New shows often have to fight for Emmy notice, but the job gets even harder when you don’t make it to a second season.
That’s the burden facing several members of the frosh class of 2006-07. While they boasted small-but-loyal audiences, as well as some decent reviews, these shows never really got a chance to click with the masses.
Making it harder for canceled freshmen is the fact that studios don’t feel the need to mount a campaign on their behalf, since there’s no chance the skeins will return. On the other hand, Emmy voters sometimes like to stick it to nets, nominating canceled shows in protest — and, as in the case of “The Ben Stiller Show” in 1993, actually awarding dead skeins a statuette.
One failed rookie hoping for some TV Academy love this year came from two-time Emmy host Conan O’Brien, who exec produced old pal Andy Richter in NBC’s “Andy Barker, P.I.” Peacock didn’t seem to know what to do with (or how to promote) the show, which had Richter playing an accidental gumshoe.
Crix, however, praised “Barker” for its easy charm, with Diane Werts of Newsday noting its “quietly observant character detail, solid sleuthing, play-it-straight absurdity and sneaky ‘Airplane!’-style parody riffs.”
Reviews were more mixed on “The Class,” a CBS comedy that suffered from the opposite problem that plagued “Barker.” CBS heavily hyped the high-profile laffer from the former producers of “Friends” and “Mad About You,” but that left some auds disappointed by early episodes that weren’t amazing.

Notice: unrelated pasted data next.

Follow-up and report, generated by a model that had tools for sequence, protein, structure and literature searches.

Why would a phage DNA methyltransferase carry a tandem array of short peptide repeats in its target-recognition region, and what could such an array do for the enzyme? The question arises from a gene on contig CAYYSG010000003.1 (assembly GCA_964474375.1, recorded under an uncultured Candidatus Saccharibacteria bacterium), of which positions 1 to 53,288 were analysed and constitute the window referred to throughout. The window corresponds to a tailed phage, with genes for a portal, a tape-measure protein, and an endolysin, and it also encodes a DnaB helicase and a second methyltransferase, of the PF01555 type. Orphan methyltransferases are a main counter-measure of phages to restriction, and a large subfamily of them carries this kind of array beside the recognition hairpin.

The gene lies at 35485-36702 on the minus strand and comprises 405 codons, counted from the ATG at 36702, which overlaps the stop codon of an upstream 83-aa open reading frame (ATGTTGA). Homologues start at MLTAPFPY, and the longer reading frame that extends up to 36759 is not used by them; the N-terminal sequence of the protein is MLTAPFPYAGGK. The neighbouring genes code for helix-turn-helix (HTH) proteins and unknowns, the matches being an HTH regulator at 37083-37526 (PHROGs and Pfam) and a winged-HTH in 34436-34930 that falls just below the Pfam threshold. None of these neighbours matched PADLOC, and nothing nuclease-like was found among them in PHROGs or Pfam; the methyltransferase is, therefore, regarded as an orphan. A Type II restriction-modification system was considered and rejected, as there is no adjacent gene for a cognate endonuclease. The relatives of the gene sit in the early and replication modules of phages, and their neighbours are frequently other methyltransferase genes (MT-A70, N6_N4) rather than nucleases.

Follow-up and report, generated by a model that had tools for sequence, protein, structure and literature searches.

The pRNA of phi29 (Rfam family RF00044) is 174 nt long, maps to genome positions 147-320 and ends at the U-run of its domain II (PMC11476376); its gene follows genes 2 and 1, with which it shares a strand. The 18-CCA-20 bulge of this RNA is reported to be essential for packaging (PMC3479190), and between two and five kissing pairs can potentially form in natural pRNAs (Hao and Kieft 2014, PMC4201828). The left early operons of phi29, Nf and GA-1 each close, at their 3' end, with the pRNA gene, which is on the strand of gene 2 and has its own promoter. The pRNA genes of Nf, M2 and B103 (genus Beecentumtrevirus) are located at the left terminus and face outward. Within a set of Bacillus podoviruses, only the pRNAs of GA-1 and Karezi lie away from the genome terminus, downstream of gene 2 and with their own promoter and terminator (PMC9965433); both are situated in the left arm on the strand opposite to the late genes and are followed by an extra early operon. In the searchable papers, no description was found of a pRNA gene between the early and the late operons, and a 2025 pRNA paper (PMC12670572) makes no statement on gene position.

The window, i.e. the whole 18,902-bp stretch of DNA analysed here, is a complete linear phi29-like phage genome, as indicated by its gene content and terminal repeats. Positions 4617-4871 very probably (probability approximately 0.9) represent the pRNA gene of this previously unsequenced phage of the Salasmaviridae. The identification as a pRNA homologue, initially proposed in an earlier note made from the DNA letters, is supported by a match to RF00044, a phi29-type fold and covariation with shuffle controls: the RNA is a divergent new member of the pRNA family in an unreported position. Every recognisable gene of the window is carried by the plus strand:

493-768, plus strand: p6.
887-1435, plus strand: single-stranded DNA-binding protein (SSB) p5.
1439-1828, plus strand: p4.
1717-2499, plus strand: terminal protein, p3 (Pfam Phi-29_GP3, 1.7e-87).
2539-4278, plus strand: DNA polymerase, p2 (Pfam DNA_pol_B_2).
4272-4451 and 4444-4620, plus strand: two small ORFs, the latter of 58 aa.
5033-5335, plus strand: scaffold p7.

Viewers who stuck by the show, however, witnessed a transformation as the jokes got funnier and the characters more interesting. “The Class” also deftly borrowed from the reality show (and sudser) genres, constructing serialized storylines that made episodes feel more like events.
ABC also had trouble luring auds to two of its most promising laffers: “Big Day” and “Knights of Prosperity.”
“Big Day” was also serialized, with the entire season taking place on a couple’s wedding day. The skein’s rich assortment of characters and mix of heart and laughs made the whole thing feel like the sort of well-done romantic comedies that used to be common at the multiplex.
“Knights,” which focused on a ragtag gang of would-be robbers, also had its fans. The San Francisco Chronicle’s Tim Goodman loved the show for its “goofy charm and outsize ridiculousness.” It couldn’t steal away enough viewers from the competition, however, and quickly faded.